Life Goes On

I am struggling a little today. I have been trying to study but my brain keeps going foggy (I’ve started a Statistics course with half the points of my previous course – I’m hoping I’ll be able to cope better with the workload). This morning we were woken around 4am by a series of beeps. Then sometime later another series of beeps. And another, and another. I groaned and pulled the pillow over my head.

In the morning, as Prince is about to leave for school, Frank says, in his patient, gentle way, “Can you please make sure you turn off whatever was beeping last night? Mummy and Daddy don’t want to be woken up at 4 o’clock, thank you.”

Prince stares, in his detached way. “It was my alarm.”

“Yes,” says Frank, “but why was it going off at 4 o’clock in the morning?”

“So that it would wake me up.”

Ask an autistic child a direct question and you’ll get a direct answer…

Frank knows this, so he says, “Yes, but why did you set it for 4 o’clock in the morning?”

“I wanted to get up and be ready for school.” Prince is so s…l…o…w in the mornings. He is always running late, no matter what we do. We are used to it.

“But you got up at ten to eight!”

“I went back to sleep, Daddy!” He sounds pained.

Frank sighs. Prince just looks blank.

I say, “Well done for being up in time for school. Please make sure the alarm doesn’t go off before 7 o’clock. You woke me up.”

Unfortunately, although I can appeal to Prince over waking me up (I am his current favourite, second only to Glorious Grandmother), he wouldn’t bat an eyelid if I accused him of waking anyone else up.

Then comes a knock at the door. “Taxi’s here, Prince!” Chip yells. “And you woke me up last night too! I’m tired now!”

Chip’s life could be written as a series of exclamation marks. She always manages to run into school all higgledy-piggledy. This morning, with toothpaste on her cardigan, her coat hanging off her arm and her specs askew, she looks like she got dressed in a jumble sale in the middle of a hurricane. Just as well she’s charming with it. I don’t know how she manages to charm every single person she meets, but she does.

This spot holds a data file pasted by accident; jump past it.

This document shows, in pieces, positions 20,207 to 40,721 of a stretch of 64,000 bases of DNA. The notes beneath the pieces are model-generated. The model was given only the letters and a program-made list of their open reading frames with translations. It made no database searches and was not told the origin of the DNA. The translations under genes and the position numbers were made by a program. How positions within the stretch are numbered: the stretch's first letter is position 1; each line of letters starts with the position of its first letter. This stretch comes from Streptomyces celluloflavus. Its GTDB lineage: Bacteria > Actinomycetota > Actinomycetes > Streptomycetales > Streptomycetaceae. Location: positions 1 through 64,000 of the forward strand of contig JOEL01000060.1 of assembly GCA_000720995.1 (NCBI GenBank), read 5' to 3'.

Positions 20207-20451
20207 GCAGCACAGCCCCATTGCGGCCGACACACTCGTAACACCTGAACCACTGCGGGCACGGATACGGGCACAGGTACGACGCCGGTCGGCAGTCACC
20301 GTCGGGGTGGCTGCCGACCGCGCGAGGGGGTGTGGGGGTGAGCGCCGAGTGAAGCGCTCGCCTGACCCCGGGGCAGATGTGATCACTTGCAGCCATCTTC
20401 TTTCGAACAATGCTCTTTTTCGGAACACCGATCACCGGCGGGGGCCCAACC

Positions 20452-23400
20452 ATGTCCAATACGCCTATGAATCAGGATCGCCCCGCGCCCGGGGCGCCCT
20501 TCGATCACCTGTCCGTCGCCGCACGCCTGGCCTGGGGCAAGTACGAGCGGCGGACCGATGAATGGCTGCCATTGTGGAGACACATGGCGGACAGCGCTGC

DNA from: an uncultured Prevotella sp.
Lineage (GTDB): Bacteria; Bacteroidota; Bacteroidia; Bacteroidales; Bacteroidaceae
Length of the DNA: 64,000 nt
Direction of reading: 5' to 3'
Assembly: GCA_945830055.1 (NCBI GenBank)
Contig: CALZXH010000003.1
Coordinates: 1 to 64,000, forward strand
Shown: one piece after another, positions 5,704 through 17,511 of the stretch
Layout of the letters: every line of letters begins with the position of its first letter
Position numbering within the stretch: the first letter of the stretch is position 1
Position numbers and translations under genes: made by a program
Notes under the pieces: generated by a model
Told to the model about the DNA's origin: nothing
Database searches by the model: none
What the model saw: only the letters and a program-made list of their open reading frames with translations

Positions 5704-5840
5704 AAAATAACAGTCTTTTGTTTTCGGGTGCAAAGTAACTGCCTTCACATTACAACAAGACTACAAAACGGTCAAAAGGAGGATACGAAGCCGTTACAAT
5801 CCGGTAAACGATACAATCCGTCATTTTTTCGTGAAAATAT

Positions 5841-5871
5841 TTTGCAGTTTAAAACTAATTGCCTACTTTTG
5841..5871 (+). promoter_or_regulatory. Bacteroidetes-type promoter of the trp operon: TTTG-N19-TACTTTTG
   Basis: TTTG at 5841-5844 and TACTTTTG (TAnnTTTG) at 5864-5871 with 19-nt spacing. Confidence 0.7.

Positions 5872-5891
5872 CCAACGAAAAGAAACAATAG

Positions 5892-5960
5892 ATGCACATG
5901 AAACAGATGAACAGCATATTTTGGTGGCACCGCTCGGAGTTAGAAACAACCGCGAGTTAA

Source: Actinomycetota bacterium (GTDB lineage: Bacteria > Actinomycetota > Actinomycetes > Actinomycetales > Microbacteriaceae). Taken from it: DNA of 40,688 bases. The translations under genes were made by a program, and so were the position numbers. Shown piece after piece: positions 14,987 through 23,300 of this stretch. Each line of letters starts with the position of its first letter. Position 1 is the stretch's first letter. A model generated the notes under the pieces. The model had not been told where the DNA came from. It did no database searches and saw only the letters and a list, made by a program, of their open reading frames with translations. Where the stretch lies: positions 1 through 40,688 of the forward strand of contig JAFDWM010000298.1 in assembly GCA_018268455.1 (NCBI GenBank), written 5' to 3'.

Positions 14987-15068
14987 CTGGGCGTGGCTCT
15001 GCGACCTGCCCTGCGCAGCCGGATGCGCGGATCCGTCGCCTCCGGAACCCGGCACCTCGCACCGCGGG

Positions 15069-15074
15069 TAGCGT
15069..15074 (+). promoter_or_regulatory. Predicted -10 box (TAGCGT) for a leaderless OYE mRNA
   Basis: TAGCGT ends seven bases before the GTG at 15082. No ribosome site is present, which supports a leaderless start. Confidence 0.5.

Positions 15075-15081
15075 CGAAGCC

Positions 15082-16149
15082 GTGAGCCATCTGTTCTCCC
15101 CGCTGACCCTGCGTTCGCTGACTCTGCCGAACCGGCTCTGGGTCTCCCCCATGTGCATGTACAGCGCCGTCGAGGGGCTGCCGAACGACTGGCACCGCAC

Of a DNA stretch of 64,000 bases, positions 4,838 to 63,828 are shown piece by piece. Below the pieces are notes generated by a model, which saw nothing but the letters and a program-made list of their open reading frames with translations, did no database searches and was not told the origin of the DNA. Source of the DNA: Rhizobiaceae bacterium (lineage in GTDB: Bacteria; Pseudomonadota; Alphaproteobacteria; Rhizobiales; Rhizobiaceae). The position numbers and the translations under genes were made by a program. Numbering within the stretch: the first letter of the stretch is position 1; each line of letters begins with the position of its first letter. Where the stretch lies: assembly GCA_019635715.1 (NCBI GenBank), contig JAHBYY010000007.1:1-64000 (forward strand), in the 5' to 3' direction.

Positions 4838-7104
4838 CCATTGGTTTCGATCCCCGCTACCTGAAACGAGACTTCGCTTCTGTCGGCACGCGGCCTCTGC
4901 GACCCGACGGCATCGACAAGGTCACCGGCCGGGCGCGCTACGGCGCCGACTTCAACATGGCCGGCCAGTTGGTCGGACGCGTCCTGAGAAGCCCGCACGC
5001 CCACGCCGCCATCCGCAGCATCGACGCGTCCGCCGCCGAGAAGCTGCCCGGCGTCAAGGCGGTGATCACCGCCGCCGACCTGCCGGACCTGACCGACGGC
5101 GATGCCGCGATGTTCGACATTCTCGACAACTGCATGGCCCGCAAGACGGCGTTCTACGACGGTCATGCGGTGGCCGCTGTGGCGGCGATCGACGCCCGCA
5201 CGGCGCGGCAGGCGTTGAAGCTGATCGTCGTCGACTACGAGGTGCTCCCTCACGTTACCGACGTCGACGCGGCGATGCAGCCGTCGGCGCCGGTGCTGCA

Prince ignores her and continues calmly, yet deliberately, eating his toast.

“Prince,” I say, the same as I say every morning, “the taxi is here.”

“It’s early. It’s only 8.13.”

I cannot argue this; the kitchen clock does indeed say 08.13. At 08.15 Prince promptly stands up and strides to the front door.

Now it’s time to go.”

I follow, to make sure the door is unlocked. There’s no point trying to reason with him. That only slows him down more.

As he pulls the door behind him Prince calls, “See, Mummy, I’m not banging the door because I’m not cross!”

Hmm… I find myself humming ‘Blessed Be Your Name’ and decide to write a blog post.

2 thoughts on “Life Goes On

  1. One of the boys that comes to our Bible study has ADHD, but he also has some characteristics of autism, I think. I am baffled. Sometimes he blankly stares at us instead of answering, and once we wanted to help him with his verses in the car on the way to AWANA, and instead of flatly refusing to work with us, he just gave us the silent treatment. WE hadn’t pressured or anything, we just knew that he doesn’t study at home and we thought we could make it a little easier for him when it was his turn to recite verses at church. He also will try to argue over weird things during the Bible study. I don’t know much about the characteristics of autism in older children, just in the little ones.

    • Perhaps the young lad needs to be seen by an educational psychologist? They can distinguish between the different disorders. It is a very isolating disorder, and it’s better to know what it is and be able to try to do some research/learn techniques to cope, than to just not know, both for the parents and for the child. I would imagine it is very hard if you grow up with autistic tendencies but no diagnosis. The world, and everyone in it, must seem very strange. I’d imagine it could leave you very unhappy and possibly very depressed.
      My son argues over strange things, too, lol. This is because Autism is in part a processing disorder and in part a lack of ’emotional intelligence’. Basically, the brain is ‘wired’ differently and social cues are not seen (these are the things we take for granted – gesture, tone, context, etc.). I’m quite sure my dear boy thinks the rest of us are insane! We’re all so illogical, you see. Autism wants concrete answers to everything. But of course they don’t exist. And teaching our son about God has been a struggle. He understands that love is what makes us different (as followers of Christ) and he understands that God is love and that Jesus is God’s son and came to teach us about love, but the nuances, the subtleties are all way over his head. At 14 he just about understands very, very simple stories – he doesn’t have the ability to imagine the characters’ motives so it’s all meaningless. But he understands about love. The reason I say all this is because Autism Spectrum Disorders are complex and if the young man from your bible study needs extra help due to this kind of learning disability it would be so sad to delay that.
      Thank you for commenting. It’s so nice when people comment 🙂

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